Category Archives: Case Results

Don’t Expect a Party When Returning from a FMLA absence

A court ruling reported today reminded me of a call I received many years ago from a potential client.

She, sadly, had a health condition that was interfering with her ability to work. She felt the company should accommodate her condition, and the accommodation she wanted was to be able to wake each day, assess her physical state, and then call the office and let them know if she would be able to work that day. She estimated that she would be able to work one and sometimes two days per week, but she anticipated there might be several weeks in a row that she would not be able to work at all.

I explained that I did not believe any court would require that level of accommodation. Indeed, I could not imagine how that would work. She worked in a position that required her presence. So as not to give away too many details, let’s just say her position was akin to the dispatcher at a shipping company. If she wasn’t there, the trucks didn’t move. So on the three or four days per week she would not be there, the company would have to bring in someone to fill her position. It would have to hire another full time dispatcher, and tell that person to stay home on those few days the caller was able to work.

I said to her, “basically, given the few days you are able to work, you’re asking for an accommodation whereby you stay home and the company mails you checks.” To which she responded, “No, I would want direct deposit.”

I hear extreme accommodation requests like this on a regular basis.

In another case, a worker had persuaded her company to allow her to work from home. She had no health issues of any sort, but just wanted to be home with her family more. The company allowed the arrangement for two years, but then decided it would prefer the worker to work out of the office.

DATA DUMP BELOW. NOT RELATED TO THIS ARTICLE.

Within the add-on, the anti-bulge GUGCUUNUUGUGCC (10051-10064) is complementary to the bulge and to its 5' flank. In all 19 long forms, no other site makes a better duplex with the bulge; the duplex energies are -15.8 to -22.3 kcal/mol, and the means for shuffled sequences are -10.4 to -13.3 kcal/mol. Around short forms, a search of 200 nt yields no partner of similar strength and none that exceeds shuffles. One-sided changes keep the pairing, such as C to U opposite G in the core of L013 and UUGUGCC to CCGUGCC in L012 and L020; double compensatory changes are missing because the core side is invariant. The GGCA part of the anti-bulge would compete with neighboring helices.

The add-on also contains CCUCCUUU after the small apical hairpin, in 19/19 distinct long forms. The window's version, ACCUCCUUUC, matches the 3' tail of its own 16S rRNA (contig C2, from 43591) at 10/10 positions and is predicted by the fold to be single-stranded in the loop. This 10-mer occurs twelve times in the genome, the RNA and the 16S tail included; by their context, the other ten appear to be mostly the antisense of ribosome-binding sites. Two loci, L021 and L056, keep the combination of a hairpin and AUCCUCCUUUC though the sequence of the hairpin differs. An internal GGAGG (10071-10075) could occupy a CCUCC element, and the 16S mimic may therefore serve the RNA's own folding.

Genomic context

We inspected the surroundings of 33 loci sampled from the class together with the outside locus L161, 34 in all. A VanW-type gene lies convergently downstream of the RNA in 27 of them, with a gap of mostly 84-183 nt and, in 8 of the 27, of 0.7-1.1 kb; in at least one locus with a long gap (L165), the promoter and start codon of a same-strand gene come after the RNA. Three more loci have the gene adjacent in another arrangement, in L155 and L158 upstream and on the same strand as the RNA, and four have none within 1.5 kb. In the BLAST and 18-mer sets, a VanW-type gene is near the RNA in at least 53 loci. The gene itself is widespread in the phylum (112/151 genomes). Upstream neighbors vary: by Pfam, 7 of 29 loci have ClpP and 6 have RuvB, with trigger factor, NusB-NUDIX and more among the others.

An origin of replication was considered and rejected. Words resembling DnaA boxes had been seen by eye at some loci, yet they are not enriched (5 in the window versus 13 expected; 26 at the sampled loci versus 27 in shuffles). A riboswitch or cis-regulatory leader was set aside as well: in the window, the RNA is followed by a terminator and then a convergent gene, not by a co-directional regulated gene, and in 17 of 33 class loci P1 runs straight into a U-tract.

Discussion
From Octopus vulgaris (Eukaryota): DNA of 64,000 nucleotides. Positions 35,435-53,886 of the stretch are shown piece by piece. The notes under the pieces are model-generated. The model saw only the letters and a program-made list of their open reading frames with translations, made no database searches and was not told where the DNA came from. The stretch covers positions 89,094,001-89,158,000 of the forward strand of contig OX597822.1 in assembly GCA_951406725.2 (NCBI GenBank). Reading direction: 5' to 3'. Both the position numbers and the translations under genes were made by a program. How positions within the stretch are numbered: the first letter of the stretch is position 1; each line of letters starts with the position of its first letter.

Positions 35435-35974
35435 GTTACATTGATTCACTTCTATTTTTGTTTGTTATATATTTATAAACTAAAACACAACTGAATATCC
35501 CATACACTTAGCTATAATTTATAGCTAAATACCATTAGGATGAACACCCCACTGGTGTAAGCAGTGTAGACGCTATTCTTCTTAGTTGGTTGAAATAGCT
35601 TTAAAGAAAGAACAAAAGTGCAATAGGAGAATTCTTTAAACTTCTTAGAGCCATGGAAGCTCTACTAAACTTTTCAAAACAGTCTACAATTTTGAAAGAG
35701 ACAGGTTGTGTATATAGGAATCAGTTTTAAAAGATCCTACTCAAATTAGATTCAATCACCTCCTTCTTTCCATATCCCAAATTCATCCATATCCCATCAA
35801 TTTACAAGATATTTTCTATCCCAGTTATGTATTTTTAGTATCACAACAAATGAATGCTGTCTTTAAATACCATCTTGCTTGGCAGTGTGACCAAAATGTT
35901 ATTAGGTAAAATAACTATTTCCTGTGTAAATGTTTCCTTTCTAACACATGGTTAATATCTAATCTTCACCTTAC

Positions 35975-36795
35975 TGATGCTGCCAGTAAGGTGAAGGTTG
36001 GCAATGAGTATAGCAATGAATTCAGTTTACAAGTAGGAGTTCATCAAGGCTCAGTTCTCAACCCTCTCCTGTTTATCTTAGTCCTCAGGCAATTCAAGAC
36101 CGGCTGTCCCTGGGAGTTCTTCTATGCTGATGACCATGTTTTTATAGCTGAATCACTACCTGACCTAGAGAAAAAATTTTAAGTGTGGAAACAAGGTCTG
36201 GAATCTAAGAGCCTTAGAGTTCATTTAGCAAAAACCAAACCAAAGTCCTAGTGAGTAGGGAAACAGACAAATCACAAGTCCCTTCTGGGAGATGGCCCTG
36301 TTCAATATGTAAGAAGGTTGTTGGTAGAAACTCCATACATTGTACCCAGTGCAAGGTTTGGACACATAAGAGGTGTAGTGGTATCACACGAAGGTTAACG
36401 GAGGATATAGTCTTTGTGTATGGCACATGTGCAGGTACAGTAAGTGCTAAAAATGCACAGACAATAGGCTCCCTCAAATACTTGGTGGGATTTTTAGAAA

She wanted to sue, claiming a failure to accommodate. Had she developed some health issue in the interim, you ask? No, her position was that in the two years she had been able to work from home, she had developed a lifestyle that permitted her to pick her kids up from school and avoid the commutes to work, and she felt that working out of the office was an unreasonable hardship.

In today’s case, the plaintiff apparently felt that having to work was annoyingly interfering with not having to work. The case was Debra Checa v. Drexel University, out of Pennsylvania.  The plaintiff, Debra Checa, began her employment with defendant Drexel University College of Medicine in 2010. Four years later, Checa went out on an FMLA leave to have carpal tunnel surgery. Her leave was scheduled to end in September of that year, but Checa’s mother passed away while Checa was on leave, and the University very kindly extended her leave.

While Checa was out all these months, a coworker named Christina Zervoudakes took over her job duties, and was likely none too happy. Checa returned on Sept. 16, 2015, and met with Zervoudakes and one other employee, to discuss work assignments and the work that Checa had not completed before she left on the FMLA leave. 

Checa had apparently promised to complete certain tasks before going out on leave, and she was presented with a list of what she had failed to do. Zervoudakes and the other employee did not offer any condolences for Checka’s loss. Apparently Checa perceived this all as rude, and screamed that she quit, according to the opinion. She then called her supervisor and quit, and followed that up with a resignation email.